Is Anyone Able to Follow Closed Captioning?

by Tina Blue
January 13, 2001

          I am not a big TV fan, and after my divorce in 1983 I had no desire to spend money (which I would not have much of) on a television set. A friend was unloading an old 13-inch black and white set, so she gave it to me, and I used that one for several years.

          Eventually the picture tube went out, and I decided I would have to finally break down and spend money on a new TV. I purchased a 13-inch color set, and all went well--until later that year when I learned that the federal government had just mandated that all new television sets manufactured, starting the next year, would have to come with closed captioning built in.

          I was terribly frustrated. All along I had been thinking it was too bad I couldn't afford one of those special devices that would closed-caption my programs or videos for me. But now everyone else would be able to get their captioning at no extra cost. I had missed the new rules by just one lousy year!

          About two and a half years ago I pretty much quit watching television. It wasn't because of my hearing--if I sit fairly close to the TV, turn up the volume, and wear my hearing aids, I am able to hear most of the words on most programs. And I still watch videos and go to movies in the theaters.

          I quit watching television mainly because it eats up too much time, and I have other things I like to do with that time. I let a friend have my TV set a couple of months ago, since I almost never used it anymore. Now he has his video games hooked up to it so he can still play games while I monopolize his computer.

          Last weekend, while I was visiting another friend, we decided to rent a videotape. The movie we chose was High Fidelity. Like most John Cusack films, this one was all about clever dialogue, so after awhile we decided to use the closed-captioning (which my friend's set has) so I wouldn't have to struggle so hard to follow what was being said.
i cnt blv wt i sw! i hd no ide tht clsd cptning ws dun so bdly! ts nt evn tht thy wr usg abrvshns or tht a lot uv th stuf wz bng spld foneticly. Sum uv th abrvshns dnt evn mak imdyut sens, and a lot wrnt evn al tht fnetic. I hd tu pzzl thm out.

          Now, I am a very fast reader, and I have no trouble at all following subtitles, which are typed out completely and spelled properly. But I was completely confused by the weird abbreviations and flawed attempts at phonetic spelling in the closed-captioning on that movie. I was so distracted that we finally had to back the darned tape up and turn up the sound so I could pick up the dialogue the bizarre words on the screen had caused me to miss.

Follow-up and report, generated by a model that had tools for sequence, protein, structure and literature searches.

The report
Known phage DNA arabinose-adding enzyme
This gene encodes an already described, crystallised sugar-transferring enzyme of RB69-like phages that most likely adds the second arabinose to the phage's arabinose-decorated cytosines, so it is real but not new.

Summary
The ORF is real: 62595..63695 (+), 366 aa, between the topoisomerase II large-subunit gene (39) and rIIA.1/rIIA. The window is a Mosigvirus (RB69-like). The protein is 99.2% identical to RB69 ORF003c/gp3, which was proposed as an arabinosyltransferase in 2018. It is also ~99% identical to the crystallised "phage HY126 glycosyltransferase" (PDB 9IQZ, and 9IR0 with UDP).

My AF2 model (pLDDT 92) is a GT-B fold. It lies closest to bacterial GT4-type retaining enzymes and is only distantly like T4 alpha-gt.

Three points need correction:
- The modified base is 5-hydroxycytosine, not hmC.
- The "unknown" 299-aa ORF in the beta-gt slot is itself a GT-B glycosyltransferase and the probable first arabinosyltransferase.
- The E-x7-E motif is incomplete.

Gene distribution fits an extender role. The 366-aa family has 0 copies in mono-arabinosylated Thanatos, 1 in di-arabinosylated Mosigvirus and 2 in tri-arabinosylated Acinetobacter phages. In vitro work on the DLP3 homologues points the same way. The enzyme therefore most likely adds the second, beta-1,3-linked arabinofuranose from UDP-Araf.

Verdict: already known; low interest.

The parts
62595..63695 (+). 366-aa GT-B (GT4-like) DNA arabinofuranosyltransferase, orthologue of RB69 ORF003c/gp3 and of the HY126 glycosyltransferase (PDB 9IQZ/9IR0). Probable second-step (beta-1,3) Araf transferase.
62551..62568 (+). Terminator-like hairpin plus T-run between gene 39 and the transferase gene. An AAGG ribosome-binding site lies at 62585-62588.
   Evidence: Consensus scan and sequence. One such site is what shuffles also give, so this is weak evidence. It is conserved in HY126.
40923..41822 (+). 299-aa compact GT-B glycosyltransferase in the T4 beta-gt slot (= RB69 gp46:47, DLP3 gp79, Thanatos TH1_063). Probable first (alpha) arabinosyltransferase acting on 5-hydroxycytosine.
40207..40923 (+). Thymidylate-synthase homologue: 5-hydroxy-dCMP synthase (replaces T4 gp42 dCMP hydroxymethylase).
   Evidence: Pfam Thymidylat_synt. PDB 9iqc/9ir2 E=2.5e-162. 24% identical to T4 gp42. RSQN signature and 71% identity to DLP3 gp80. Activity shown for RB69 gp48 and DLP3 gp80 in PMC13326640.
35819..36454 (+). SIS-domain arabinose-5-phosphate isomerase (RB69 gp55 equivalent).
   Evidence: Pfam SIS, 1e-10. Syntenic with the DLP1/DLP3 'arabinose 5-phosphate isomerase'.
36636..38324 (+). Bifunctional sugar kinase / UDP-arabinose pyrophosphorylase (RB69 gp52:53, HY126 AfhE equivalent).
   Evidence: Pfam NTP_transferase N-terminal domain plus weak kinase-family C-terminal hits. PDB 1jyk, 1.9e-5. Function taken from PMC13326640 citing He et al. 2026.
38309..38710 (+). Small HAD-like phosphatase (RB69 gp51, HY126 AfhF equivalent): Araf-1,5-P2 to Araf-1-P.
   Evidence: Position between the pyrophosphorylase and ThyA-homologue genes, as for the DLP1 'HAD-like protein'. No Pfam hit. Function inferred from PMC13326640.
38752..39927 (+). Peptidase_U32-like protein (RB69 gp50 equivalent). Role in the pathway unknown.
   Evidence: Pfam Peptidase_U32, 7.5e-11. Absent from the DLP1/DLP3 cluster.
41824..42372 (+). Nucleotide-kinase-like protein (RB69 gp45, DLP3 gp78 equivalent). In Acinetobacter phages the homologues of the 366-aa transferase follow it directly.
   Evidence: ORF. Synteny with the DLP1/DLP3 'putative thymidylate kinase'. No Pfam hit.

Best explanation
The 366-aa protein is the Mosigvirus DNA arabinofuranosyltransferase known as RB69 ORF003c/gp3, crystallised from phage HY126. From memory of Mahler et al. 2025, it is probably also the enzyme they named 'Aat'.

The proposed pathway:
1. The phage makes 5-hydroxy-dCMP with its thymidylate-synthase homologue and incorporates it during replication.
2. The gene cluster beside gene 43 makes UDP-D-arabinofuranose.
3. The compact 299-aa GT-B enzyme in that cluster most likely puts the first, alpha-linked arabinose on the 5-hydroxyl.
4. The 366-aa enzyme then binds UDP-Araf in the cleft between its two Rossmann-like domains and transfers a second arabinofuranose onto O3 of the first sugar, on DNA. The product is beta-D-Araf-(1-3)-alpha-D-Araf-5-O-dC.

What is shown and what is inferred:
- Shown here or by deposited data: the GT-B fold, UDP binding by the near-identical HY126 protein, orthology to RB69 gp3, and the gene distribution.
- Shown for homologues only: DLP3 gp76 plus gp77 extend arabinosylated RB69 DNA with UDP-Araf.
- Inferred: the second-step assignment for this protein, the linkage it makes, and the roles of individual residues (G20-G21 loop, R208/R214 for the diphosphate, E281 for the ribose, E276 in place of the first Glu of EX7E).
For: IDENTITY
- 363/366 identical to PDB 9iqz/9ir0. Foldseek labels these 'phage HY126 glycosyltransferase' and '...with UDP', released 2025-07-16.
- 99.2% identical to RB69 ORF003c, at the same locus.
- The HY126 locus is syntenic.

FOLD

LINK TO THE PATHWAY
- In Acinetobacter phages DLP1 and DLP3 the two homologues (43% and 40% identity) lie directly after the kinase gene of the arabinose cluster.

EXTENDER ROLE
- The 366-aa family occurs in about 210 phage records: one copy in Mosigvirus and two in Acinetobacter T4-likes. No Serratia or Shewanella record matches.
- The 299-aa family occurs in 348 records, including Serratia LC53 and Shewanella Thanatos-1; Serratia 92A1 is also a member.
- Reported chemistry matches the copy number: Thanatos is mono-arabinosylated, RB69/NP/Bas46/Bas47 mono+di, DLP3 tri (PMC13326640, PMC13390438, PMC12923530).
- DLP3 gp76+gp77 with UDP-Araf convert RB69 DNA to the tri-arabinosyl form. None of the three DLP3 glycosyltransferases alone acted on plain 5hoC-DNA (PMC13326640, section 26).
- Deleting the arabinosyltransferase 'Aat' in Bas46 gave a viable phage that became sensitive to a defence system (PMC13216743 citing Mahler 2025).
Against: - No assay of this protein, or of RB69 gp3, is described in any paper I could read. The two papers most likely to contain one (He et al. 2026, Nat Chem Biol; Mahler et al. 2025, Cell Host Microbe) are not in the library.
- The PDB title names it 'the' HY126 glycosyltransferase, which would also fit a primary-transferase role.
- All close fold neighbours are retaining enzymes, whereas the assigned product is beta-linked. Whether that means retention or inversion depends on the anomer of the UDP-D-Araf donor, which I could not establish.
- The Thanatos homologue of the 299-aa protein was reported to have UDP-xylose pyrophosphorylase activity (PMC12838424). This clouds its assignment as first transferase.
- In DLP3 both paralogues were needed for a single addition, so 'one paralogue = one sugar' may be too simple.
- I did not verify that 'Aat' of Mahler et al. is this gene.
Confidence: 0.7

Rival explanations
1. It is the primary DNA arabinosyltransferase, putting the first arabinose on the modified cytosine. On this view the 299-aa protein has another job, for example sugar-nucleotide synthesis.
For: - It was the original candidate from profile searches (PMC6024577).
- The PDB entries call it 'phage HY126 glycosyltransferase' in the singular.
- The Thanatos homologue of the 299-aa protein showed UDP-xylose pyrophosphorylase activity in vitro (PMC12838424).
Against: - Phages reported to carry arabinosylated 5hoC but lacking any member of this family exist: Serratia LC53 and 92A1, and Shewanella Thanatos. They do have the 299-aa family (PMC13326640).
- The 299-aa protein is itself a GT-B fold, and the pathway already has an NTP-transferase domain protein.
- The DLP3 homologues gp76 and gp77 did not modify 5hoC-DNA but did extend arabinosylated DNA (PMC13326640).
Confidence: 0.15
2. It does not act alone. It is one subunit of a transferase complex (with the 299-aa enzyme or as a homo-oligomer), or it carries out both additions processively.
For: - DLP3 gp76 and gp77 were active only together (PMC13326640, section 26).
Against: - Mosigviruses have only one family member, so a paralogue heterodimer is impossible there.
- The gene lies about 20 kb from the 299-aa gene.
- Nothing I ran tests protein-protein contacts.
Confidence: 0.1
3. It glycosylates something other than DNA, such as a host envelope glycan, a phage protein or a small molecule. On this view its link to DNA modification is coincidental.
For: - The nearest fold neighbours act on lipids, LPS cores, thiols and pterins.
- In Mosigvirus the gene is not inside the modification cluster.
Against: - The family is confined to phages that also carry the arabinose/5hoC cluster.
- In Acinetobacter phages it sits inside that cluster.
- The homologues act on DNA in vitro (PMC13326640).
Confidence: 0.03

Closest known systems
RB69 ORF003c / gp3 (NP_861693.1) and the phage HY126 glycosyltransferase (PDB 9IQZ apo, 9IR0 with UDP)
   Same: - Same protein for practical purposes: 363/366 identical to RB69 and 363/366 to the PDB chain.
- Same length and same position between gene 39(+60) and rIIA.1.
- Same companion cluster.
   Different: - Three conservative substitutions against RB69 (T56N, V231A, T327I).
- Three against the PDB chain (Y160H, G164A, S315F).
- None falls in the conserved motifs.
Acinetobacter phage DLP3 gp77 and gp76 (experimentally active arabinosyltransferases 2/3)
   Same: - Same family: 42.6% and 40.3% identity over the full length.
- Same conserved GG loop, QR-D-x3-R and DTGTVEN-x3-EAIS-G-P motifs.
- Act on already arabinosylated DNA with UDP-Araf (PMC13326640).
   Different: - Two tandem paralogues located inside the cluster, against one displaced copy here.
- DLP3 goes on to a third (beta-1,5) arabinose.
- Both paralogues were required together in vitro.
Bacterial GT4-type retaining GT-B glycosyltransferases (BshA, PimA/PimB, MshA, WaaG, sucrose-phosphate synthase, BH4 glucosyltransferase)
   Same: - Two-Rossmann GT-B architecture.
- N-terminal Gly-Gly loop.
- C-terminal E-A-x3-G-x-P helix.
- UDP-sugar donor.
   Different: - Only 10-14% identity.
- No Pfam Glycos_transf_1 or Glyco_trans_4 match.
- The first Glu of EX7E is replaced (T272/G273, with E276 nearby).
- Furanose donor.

I was moved to write this article after reading another (hilarious) article,  by Lori Torrance. Lori's article deals with closed-captioning that is done in real-time, so the typist has to hurry to keep up with the words as they are being said. Still, as Lori points out, no one types that badly. (Now, though, I find myself suspecting that maybe really, really bad typing skills are among the specific qualifications for that job.)

          No one was trying to type the dialogue of the movie as we were watching it on videotape, so obviously there was no excuse for making it unreadable--except, perhaps, the fact that so many people with normal hearing don't really think the difficulties imposed by a hearing impairment are all that big a deal.

          I think the fact that I am a college-level English instructor makes the outrageous spelling of closed captioning seem particularly jarring. But it is also true that many people who have a significant hearing loss are middle-aged or older. Like me, they were educated at a time when proper spelling was emphasized. I can't imagine that they find that sort of misspelling comfortable to read.

          Maybe after awhile you get used to the weird spelling I encountered on that videtape. (No one could ever get used to the sort of spelling crimes Lori describes as being committed in real-time closed captioning.) But how hard would it be for those responsible for a film's video release to make sure that the closed captioning actually makes sense?

          I no longer feel I was cheated because I missed the new TV manufacturing rules by one year. Instead, I fell as though I squeaked in just under the wire.
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UPDATE: I have a TV with closed captioning now. I discovered what the problem was. There is this thing called "coring" that distorts the words to make them shorter on the screen. But as the coring is often very badly done, it can be hard to understand. My closed captioned TV, set on the non-coring option, is wonderful. I especially love that I can watch DVDs of movies I could never have seen in a theater.
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